Nashville, Tennessee, similar to most great American cities, has a long history and stands today as one of the most entertaining, fun and interesting areas in the country. According to the Nashville Convention & Visitors Corp., the city was founded on Dec. 25, 1779. After Tennessee became a state in 1796, Nashville became its temporary state capital from 1812-1815 and then was permanently named the capital in 1843.
Today, Nashville is the 25th largest city in the U.S. And according to U.S. Census Bureau 2015 statistics, with a population of 644,014, Nashville now ranks just below Boston, which has a population of 655,884 people, and Memphis, which has 656,861.
Sure, Nashville is known for its vast country music history, including: the iconic Grand Ole Opry, home of the famous “Grand Ole Opry” stage and radio show, in Music Valley; the Country Music Hall of Fame and Museum; the Ryman Auditorium; and its District area, which is filled with legendary honky-tonks, bars and dance halls.
There is plenty to see and hear in Music City. Here’s a closer look at some of the biggest sightseeing attractions to add to your tourism list when in Nashville for The Car Wash Show 2016, taking place May 9-11 at the Music City Center.
No. 1: Grand Ole Opry
In 2015, this infamous venue celebrated its 90th anniversary. According to its official website, www.opry.com, “What began as a simple radio broadcast in 1925 is today a live entertainment phenomenon. Dedicated to honoring country music’s rich history and dynamic present, the Grand Ole Opry showcases a mix of country legends and the contemporary chart-toppers who have followed in their footsteps.”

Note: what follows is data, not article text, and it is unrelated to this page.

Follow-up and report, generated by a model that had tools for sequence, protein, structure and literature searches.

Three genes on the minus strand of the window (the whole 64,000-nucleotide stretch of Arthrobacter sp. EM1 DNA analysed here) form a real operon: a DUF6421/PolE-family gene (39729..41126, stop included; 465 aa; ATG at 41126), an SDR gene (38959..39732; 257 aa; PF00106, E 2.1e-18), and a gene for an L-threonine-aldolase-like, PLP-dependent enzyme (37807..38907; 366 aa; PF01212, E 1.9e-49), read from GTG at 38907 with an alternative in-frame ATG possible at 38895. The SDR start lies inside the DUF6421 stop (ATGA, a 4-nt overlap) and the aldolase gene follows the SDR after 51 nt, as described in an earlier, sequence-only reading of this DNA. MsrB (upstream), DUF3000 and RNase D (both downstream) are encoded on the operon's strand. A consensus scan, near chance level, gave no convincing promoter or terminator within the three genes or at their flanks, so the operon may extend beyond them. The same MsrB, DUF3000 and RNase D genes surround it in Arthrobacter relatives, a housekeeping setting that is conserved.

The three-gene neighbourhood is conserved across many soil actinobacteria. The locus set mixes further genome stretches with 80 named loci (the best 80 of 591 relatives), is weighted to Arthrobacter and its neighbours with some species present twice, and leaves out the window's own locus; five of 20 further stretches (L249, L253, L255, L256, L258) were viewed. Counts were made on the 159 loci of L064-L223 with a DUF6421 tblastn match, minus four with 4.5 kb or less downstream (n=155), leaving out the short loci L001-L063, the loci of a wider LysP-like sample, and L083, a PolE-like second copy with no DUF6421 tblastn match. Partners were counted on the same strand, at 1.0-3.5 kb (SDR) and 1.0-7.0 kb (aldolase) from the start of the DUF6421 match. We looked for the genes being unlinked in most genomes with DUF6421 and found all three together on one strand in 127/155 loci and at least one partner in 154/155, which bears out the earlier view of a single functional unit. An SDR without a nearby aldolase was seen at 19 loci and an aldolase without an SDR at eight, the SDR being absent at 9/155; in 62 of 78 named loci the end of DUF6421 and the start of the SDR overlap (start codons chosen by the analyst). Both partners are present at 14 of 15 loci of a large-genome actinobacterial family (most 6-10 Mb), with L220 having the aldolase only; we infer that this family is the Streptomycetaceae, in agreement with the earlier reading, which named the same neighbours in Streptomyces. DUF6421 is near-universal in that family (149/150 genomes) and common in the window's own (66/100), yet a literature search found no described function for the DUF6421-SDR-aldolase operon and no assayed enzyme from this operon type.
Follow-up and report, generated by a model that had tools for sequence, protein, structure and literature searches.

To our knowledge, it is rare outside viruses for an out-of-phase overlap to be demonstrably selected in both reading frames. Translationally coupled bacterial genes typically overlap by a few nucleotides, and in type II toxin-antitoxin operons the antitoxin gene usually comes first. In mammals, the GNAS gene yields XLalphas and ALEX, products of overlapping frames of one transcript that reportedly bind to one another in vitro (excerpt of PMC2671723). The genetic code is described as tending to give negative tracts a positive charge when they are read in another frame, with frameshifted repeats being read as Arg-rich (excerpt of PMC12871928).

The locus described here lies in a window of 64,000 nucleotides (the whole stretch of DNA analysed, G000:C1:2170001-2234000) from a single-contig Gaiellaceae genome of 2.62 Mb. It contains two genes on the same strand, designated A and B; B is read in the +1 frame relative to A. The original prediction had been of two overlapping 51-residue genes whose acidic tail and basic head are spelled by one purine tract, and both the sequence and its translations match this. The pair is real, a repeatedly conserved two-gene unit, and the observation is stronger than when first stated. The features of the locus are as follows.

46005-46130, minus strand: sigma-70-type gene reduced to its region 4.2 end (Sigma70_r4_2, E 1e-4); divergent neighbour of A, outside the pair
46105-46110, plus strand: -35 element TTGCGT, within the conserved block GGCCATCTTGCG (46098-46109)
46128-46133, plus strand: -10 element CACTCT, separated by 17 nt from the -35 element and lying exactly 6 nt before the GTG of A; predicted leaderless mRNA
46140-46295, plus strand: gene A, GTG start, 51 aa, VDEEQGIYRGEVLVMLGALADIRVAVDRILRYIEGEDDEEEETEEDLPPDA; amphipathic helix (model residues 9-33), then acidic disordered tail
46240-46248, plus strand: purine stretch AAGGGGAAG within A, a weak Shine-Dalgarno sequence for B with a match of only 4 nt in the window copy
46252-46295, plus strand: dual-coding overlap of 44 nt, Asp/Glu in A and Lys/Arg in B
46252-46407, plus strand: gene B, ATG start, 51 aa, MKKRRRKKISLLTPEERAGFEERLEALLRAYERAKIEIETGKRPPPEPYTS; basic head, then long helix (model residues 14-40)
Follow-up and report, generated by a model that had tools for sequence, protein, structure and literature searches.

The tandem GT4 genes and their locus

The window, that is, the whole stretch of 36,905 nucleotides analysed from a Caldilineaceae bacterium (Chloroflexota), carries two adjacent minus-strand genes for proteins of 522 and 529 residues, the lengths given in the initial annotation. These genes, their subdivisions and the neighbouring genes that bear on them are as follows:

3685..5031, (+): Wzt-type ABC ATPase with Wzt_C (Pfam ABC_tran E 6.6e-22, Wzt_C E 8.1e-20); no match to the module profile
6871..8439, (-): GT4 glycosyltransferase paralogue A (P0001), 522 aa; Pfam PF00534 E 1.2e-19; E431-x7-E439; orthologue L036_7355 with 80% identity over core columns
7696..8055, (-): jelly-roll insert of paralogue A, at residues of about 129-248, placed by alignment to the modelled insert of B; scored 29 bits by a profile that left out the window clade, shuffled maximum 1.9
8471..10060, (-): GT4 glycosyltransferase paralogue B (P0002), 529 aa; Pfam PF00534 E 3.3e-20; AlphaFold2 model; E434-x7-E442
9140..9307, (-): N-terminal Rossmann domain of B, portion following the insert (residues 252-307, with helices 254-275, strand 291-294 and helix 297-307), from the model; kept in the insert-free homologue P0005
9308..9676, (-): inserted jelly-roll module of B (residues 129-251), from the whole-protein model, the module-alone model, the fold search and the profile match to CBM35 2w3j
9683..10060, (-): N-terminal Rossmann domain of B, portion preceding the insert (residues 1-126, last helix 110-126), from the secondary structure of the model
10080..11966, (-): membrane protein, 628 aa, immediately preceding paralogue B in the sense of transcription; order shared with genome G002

Referred to as the “home of American music” and the “country’s most famous stage,” hundreds of thousands of locals and tourists from around the world come to the Grand Ole Opry to see live entertainment.
No. 2: Parthenon
The Parthenon is the centerpiece of Centennial Park, which is Nashville’s premier urban park. According to www.nashville.gov, the recreation of the 42-foot statue Athena is the focus of the Parthenon, just as it was in ancient Greece. And, the building and the Athena statue are both full-scale replicas of the Athenian originals.
The Parthenon was originally erected for Tennessee’s 1897 Centennial Exposition. And, it as the city of Nashville’s art museum. The focus of the Parthenon’s permanent collection is 63 paintings by 19th and 20th century American artists donated by James M. Cowan.
No. 3: Country Music Hall of Fame
The Country Music Hall of Fame and Museum is one of the world’s largest museums and research centers of American country music. This self-guided museum allows visitors to create their own experience with an audio tour that contains approximately 60 minutes of narrative.
According its official website, www.countrymusichalloffame.org, the facility’s newly expanded exhibit space requires approximately two to three hours to experience the museum, which is open daily from 9 a.m. to 5 p.m.
No. 4: Honky-Tonk Highway
In case you are not familiar with the term honky-tonk, www.visitmusiccity.com offers the following definition: A honky-tonk is an establishment that contains at least one rockin’ stage, cold beverages and a party that lasts all day, every day. According to the website, Nashville’s Honky-Tonk Highway, located on Lower Broadway, is a row of honky-tonks with live music playing from 10 a.m. to 3 a.m.
Many well-known country stars, such as Willie Nelson, Kris Kristofferson, Gretchen Wilson, Dierks Bentley and others, began their careers on Honky-Tonk Highway. The area includes such great honky-tonks as Full Moon Saloon, Honky Tonk Central, Layla’s Bluegrass Inn, Legends Corner, Nashville Crossroads, Rippy’s Smokin’ Bar & Grill, The Wheel and many more.
No. 5: Ryman Auditorium
Take a self-guided or guided backstage tour of the Historic Ryman Auditorium. Established in 1892 as the Union Gospel Tabernacle, this national landmark is a must-see for any Nashville visitor. It’s most famous as the home of the Grand Ole Opry from 1943-74, but it is known as the “Soul of Nashville,” according to www.ryman.com.
With almost 125 years of history and stories to tell, this national landmark has been “historically cool since 1892.”